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The Debate: Chip Shot or Long Shot?
Joe Sheehan
August 23, 2010
On Aug. 10 Chipper Jones, 38, tore his left ACL, an injury that ended his season. The Braves third baseman, a six-time All-Star, says he will try to come back next spring. But if he doesn't play another big league game, is he a lock for the Hall of Fame?
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August 23, 2010

The Debate: Chip Shot Or Long Shot?

On Aug. 10 Chipper Jones, 38, tore his left ACL, an injury that ended his season. The Braves third baseman, a six-time All-Star, says he will try to come back next spring. But if he doesn't play another big league game, is he a lock for the Hall of Fame?

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Start Bronzing The Plaque!

Braves fans should be able to start making plans to visit Cooperstown in the first July that Chipper's eligible. Jones was the best third baseman of his era, a fantastic offensive player who hit for average and power, drew plenty of walks and even stole 15 to 20 bases per season at his peak. He won the NL MVP award in 1999 and finished in the top 10 five other times. During an era in which the postseason has become a crucial legacy builder, Jones, in 92 games (a representative sample), batted .288, with a .411 on-base-percentage and a .459 slugging mark, tremendous numbers against top-tier playoff pitching. His career .306 BA, 2,490 hits and 436 home runs would qualify him were he an outfielder; as a third baseman, he's well above the established standard at a position underrepresented in the Hall of Fame. Among switch-hitters, only Hall of Famers Mickey Mantle (536) and Eddie Murray (504) have more homers than Chipper. Jones has the stats, the hardware and the memories made. Right, Mets fans?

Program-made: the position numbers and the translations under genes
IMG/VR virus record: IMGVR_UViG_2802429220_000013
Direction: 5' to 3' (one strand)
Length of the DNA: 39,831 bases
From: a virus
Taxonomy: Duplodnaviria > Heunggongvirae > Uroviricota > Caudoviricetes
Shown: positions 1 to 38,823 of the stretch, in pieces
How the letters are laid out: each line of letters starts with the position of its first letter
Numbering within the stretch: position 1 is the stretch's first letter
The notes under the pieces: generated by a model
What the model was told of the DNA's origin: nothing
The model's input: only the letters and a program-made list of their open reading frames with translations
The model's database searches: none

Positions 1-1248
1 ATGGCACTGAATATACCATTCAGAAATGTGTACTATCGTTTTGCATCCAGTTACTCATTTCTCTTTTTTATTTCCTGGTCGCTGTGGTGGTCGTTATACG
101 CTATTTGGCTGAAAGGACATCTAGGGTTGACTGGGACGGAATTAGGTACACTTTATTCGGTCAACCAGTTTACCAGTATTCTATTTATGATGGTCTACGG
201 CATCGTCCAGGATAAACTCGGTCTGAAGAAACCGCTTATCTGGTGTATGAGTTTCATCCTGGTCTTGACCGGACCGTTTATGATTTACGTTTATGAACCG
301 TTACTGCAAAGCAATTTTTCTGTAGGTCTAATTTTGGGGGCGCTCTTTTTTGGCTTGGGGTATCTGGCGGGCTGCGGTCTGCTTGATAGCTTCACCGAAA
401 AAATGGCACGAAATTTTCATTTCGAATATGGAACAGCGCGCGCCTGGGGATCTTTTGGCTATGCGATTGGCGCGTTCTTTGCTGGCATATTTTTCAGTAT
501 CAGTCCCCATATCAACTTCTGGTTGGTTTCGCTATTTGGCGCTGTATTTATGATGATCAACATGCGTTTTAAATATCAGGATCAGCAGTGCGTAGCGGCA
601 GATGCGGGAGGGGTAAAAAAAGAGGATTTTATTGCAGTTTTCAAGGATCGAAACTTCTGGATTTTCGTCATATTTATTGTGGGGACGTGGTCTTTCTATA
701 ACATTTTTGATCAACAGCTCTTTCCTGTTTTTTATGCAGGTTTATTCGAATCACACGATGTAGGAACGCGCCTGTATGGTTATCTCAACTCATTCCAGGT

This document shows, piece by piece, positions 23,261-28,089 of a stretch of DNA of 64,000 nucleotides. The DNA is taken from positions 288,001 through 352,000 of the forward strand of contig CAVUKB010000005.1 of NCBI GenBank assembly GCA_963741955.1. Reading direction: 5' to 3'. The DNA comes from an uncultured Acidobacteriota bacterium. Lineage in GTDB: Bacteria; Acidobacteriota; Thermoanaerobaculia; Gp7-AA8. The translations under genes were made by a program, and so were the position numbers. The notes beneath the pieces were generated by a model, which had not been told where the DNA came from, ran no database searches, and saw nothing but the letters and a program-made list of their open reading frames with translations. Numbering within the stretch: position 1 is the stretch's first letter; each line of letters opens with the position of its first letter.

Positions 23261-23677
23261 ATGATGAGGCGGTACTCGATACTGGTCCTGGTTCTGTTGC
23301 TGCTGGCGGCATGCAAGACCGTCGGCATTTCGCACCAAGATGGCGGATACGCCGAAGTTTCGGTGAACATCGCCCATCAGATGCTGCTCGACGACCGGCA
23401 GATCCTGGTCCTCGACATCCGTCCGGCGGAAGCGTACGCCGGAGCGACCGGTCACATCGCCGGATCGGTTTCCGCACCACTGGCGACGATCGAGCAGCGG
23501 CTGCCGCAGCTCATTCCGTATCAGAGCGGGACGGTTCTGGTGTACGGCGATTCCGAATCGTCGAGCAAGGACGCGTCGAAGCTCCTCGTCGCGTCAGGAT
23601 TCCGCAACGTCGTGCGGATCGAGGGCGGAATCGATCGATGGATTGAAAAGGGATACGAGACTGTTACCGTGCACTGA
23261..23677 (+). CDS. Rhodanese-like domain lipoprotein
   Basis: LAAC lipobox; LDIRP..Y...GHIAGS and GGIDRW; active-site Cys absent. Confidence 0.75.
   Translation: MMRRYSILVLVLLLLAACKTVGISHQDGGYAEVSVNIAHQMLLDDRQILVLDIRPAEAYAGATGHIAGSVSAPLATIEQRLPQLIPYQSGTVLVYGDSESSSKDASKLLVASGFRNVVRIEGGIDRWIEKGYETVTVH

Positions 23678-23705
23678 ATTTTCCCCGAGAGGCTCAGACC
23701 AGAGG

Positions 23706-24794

Not So Fast!

In Hall of Fame voting there is usually one contrary idiot who tries to keep a player from entering on the first ballot. Here's some ammunition for that idiot (and Mets fans).

1) Dearth of batting-category titles. For each player, the website baseball-reference.com has four "Hall of Fame Statistics" tests. One of them is labeled "Black Ink" and is a reflection of how many times a player has led the league in a major category. Chipper has one such title, a batting crown in 2008 (a splendid .364, at age 36). So his score is 4. The average Hall of Famer's is 27.

2) Less than classic Fall Classics. In 69 at bats in three World Series: a .273 average, a single home run and six RBIs.

3) Defensive deficiencies. As a third baseman Chipper's career total zone total fielding runs average (the number of runs a player is worth above or below average based on the number of plays made) is -18. By contrast his contemporary and the active leader at the position, Scott Rolen, boasts a +145.

Satisfied, idiots and Mets fans?

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